2. Add 240ml of stock, mixing well to dissolve the spices, then add the rest of the stock. Add chopped tomatoes, ketchup, Worcestershire sauce, soy sauce, honey, apple and carrots. Bring to boil then turn down the heat. Simmer for 30 minutes, stirring occasionally.
3. While the curry sauce is cooking, prepare the chicken katsu. First heat the oil to 180c in a medium-sized pot, then heat the oven to 100c.
4. Prepare 3 shallow bowls, 1 with flour, 1 with eggs and 1 with panko breadcrumbs. Season each chicken breast, coat in flour (and dust with excess), coat in the egg mixture and then cover with panko.
5. Shallow-fry the katsu until deep golden brown (3 to 4 minutes either side). When both sides are cooked, remove and keep warm in an oven.
6. Season the curry, scoop the rice into a bowl and top with the sauce. Slice the chicken katsu and place on top. Serve with cornichons, pickled onions and soft boiled egg.

‘Omu’ rice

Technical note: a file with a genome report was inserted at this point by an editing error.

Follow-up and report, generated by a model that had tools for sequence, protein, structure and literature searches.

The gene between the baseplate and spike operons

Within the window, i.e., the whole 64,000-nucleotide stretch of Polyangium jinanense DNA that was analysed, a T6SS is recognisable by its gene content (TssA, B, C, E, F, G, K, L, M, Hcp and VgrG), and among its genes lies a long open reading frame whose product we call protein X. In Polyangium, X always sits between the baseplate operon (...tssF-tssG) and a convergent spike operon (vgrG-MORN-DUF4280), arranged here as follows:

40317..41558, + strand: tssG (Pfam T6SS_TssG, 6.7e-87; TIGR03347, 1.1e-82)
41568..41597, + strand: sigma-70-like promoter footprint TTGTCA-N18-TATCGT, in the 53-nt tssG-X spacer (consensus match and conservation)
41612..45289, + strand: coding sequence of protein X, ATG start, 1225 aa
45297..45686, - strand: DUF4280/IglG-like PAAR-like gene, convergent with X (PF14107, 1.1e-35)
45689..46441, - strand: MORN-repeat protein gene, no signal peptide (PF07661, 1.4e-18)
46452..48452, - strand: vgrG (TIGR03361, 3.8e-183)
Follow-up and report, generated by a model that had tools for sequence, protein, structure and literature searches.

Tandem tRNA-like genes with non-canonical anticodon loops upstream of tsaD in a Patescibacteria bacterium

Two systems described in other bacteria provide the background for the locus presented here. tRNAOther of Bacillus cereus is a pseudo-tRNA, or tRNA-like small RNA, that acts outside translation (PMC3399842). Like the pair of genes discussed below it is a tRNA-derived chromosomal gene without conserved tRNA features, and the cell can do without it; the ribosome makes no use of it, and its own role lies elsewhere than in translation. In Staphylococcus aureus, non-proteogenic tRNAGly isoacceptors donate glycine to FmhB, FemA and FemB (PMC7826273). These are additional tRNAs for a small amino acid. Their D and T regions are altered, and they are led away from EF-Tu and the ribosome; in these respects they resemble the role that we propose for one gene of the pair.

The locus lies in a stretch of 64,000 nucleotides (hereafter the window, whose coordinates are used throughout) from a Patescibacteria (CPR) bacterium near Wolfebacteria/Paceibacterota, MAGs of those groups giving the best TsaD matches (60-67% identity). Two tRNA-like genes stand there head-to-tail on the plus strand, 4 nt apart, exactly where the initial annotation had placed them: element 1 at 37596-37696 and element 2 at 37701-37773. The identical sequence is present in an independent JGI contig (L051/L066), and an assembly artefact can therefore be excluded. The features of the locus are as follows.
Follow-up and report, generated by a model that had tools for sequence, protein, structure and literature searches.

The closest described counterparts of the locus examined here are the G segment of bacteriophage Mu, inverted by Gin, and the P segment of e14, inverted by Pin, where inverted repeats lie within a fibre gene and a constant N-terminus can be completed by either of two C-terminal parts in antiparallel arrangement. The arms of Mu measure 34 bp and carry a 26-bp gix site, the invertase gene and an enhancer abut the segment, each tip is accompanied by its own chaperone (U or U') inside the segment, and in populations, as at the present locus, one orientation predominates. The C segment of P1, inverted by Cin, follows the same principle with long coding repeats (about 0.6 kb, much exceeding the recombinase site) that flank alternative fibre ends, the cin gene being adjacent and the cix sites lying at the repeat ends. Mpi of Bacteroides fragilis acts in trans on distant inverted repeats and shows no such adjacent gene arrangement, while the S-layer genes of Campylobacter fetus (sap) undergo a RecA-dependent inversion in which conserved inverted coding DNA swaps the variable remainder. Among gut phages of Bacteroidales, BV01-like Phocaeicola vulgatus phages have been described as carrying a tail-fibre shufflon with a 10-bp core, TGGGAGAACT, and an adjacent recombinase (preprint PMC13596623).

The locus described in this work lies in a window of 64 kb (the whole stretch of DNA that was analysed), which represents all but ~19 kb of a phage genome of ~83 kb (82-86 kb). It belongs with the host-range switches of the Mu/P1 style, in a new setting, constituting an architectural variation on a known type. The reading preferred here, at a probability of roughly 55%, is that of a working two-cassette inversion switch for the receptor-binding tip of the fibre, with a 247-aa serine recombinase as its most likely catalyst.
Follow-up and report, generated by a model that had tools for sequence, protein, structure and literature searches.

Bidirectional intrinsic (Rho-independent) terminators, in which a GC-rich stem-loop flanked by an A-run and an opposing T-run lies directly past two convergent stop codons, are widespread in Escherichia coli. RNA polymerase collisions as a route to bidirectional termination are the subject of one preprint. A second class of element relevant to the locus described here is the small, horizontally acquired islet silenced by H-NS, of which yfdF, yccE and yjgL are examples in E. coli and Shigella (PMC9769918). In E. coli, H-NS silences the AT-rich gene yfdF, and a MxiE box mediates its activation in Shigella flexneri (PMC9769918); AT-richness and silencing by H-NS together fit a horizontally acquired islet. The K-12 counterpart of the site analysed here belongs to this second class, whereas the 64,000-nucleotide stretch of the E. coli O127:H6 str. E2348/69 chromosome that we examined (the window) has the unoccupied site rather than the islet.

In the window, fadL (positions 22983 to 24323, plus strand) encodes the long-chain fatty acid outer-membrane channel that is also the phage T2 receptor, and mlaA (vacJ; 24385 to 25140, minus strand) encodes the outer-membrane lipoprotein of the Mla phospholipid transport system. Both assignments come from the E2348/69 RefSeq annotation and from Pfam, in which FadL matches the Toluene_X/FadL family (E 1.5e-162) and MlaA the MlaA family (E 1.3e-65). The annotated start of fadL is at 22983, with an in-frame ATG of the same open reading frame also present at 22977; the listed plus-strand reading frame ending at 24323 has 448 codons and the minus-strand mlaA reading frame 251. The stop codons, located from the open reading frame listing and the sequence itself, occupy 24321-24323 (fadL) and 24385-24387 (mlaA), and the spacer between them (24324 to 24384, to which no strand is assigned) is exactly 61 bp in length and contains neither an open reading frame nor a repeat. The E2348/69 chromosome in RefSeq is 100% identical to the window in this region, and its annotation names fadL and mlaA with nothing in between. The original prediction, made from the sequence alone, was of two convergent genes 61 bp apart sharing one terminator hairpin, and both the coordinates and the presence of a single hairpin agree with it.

Serves 4

For the sauce:
200g tinned vine tomatoes | 120ml tomato ketchup 1 tbsp Worcestershire sauce

For the rice:
2 tbsps butter
2 garlic cloves, crushed
1 small onion, finely chopped
200g chicken thigh, boneless, cut into 1.5cm cubes
6 button mushrooms, sliced
Handful of cooked green peas
900g cooked Japanese rice
6 tbsps ketchup
½ tsp salt
¼ tsp ground white pepper
8 eggs
4 tbsps milk
2 tbsps vegetable oil

1. To make the tomato sauce, mix tin of tomatoes, ketchup and Worcestershire sauce in a blender until smooth, then pour into a small saucepan. Keep warm and set aside.
2. Heat butter in a frying pan over medium-high heat. Sauté garlic, onion, chicken, mushrooms and green peas for 3 minutes. Add rice; stir for 3 more minutes. Add ketchup, salt and pepper and stir until the ketchup is mixed through.
3. Preheat a small or medium-sized frying pan with a little oil, evenly spreaded. Break the eggs into a large measuring jug and whisk until combined. Pour a quarter of the egg mixture into the pan; tilt it to coat the bottom and side. Move a spatula through the mixture in a circular motion until the egg is halfway cooked through.
4. Place a quarter of the chicken rice in the centre of the egg mixture. Tilt the frying pan to the side a little and fold one side of the omelette over the rice. Push and slide the omelette to the other side of the pan. When it reaches the edge of the frying pan, flip it out onto a serving plate so that the other side of the omelette folds under the rice. Spoon the tomato sauce on top and serve.